CABINET CARD OF VIRGINIA GENERAL WILLIAM TALIAFERRO BY THE LEE GALLERY, RICHMOND

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Item Code: 846-264

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This rather dynamic mid-chest up view of General William Taliaferro shows him in the regulation frock coat of a major general with two rows of buttons grouped by threes and the slightly out of date use of shoulder straps with his rank insignia to secure his epaulets. In more or less following U.S. regulations, he conforms to the Virginia militia law of 1858, which prescribed the uniform of the U.S. Army for its troops, though substituting state buttons. (Existing organizations might keep their old uniforms, but those formed after 2 March 1858 were to adhere to the new regulations.)

The photographic mount bears a photographer’s stamp in raised letters in a sunken cartouche reading, “THE LEE GALLERY / 920 MAIN STREET. / RICHMOND, VA.” The Lee Gallery was operated by John W. Davies of Richmond, who entered the photography business about 1864 as an offshoot of engraving, lithography, and printing sheet music for his book and music store. A bust length photographic portrait of Lee proved popular with the public and with Lee himself, who used it for gifts to admirers and about 1869 or 1870 Davies renamed the photographic portion of his operation the Lee Gallery. His son continued the operation for another ten years or so after the death of John Davies in 1883.

In format the photograph is a cabinet card, measuring 4 by 6 ½ inches, which was introduced in limited numbers under different names during the Civil War, but became the prevailing popular format around 1870, the same time the Lee Gallery opened up. The use of plain, matte finish cardstock with no gilt borders and the use of a simple impressed stamp instead of elaborate printed photographer’s logo also points to an early date, likely 1869 or 1870, while the image from which it was copied, was likely an ambrotype of 1859-1860, judging from the uniform and rank. The reverse of the card mount is inscribed in period pen: “Maj. Genl. Wm. B. Taliaferro, C.S.A. / of / Dunham Massie / Gloucester Co. / Virginia.” “Dunham Massie” was Taliaferro’s home, built in 1845 and named after the ancestral home of the Booth family in England.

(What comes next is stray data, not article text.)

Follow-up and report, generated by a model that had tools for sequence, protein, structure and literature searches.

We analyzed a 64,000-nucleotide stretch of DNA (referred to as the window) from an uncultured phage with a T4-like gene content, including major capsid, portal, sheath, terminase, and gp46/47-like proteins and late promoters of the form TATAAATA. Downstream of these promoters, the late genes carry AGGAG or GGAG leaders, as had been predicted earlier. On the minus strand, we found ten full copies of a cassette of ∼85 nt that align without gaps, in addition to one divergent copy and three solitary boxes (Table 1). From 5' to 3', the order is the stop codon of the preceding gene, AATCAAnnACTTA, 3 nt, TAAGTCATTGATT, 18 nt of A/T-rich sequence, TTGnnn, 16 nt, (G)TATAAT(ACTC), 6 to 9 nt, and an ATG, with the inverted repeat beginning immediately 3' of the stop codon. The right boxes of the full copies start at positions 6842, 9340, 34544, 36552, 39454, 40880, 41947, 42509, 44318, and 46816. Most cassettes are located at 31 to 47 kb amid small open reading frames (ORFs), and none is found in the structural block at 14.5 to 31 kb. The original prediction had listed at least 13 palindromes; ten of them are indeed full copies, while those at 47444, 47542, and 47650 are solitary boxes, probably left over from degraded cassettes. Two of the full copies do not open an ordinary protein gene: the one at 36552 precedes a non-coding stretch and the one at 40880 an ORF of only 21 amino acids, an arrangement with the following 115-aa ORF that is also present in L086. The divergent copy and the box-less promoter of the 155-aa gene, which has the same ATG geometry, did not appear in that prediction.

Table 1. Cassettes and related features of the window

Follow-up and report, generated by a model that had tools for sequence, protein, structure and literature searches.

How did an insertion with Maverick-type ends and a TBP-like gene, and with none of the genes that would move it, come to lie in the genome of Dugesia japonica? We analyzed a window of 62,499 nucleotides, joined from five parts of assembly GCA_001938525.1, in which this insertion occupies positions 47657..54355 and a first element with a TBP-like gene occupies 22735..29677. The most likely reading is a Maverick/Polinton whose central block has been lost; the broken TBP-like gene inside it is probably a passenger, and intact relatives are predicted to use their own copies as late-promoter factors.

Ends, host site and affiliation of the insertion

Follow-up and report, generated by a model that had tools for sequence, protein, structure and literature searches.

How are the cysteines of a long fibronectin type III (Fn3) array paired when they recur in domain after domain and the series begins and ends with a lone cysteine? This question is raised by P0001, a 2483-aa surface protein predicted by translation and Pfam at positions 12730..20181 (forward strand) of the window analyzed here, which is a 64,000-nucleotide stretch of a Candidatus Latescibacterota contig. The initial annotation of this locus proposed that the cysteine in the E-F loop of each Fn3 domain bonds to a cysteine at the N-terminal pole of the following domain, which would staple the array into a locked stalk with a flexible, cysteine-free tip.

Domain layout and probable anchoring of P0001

William Booth Taliaferro (1822-1898) was born in Gloucester County, VA., and educated at William and Mary and at Harvard Law. In the Mexican War he obtained a commission in early 1847 as captain in the 11th US Infantry, one of ten new regiments raised provisionally for one year’s service, and was promoted major of the 11th US in August. Posted at Vera Cruz, he saw some minor action against Mexican guerillas, but was part of Lane’s column to raise the siege of Puebla and was in the fighting at Huamantla in which Capt. Samuel Walker of the Mounted Rifles and Colt pistol fame was killed in October, and present for the subsequent sack of the town. He did some occupation duty in Mexico City and mustered out in August 1848 to return to plantation farming and some politics as a member of the Virginia House of Delegates. He continued with his interest in military matters, however, sitting on the Board of Visitors of V.M.I. and was the highest ranking Virginia militia officer by 1859, when he was tasked by the Governor with overseeing security for John Brown and his men while they awaited execution at Charlestown.

In 1861 he was dispatched to seize the U.S. Navy Yard at Norfolk even before the Virginia Ordinance of Secession was passed, though actually doing so only the day after. Despite his high rank in the Virginia militia, he started his field command simply as a colonel, though promoted to brigadier general by the end of 1861. He commanded a brigade under Jackson in the Valley and at Cedar Mountain, taking a division command for a time, until wounded at Brawner Farm in August 1862. He returned to division command for Fredericksburg, but did not see action. Disappointed in further promotion he transferred to Beauregard’s command and successfully defended Fort Wagner, with subsequent service in the Dept. of East Florida and South Carolina, ending up with a division command again in time for Bentonville. After the war he returned to Gloucester County, serving in the state legislature and as a judge. He died in 1898, at Dunham Massie.

The photograph is in very good condition, a tad light, but with good detail, full of character, and just minor spotting. The upper right corner of the mount is missing, but the corner of the image is intact. The reverse shows some minor dirt and stains, and some light rubs, but the inscription is very clear. Taliaferro was a Virginian with a forceful personality and some interesting military service that included battles with the enemy and with fellow officers in both wars, including generals Pillow and Jackson.  [sr]

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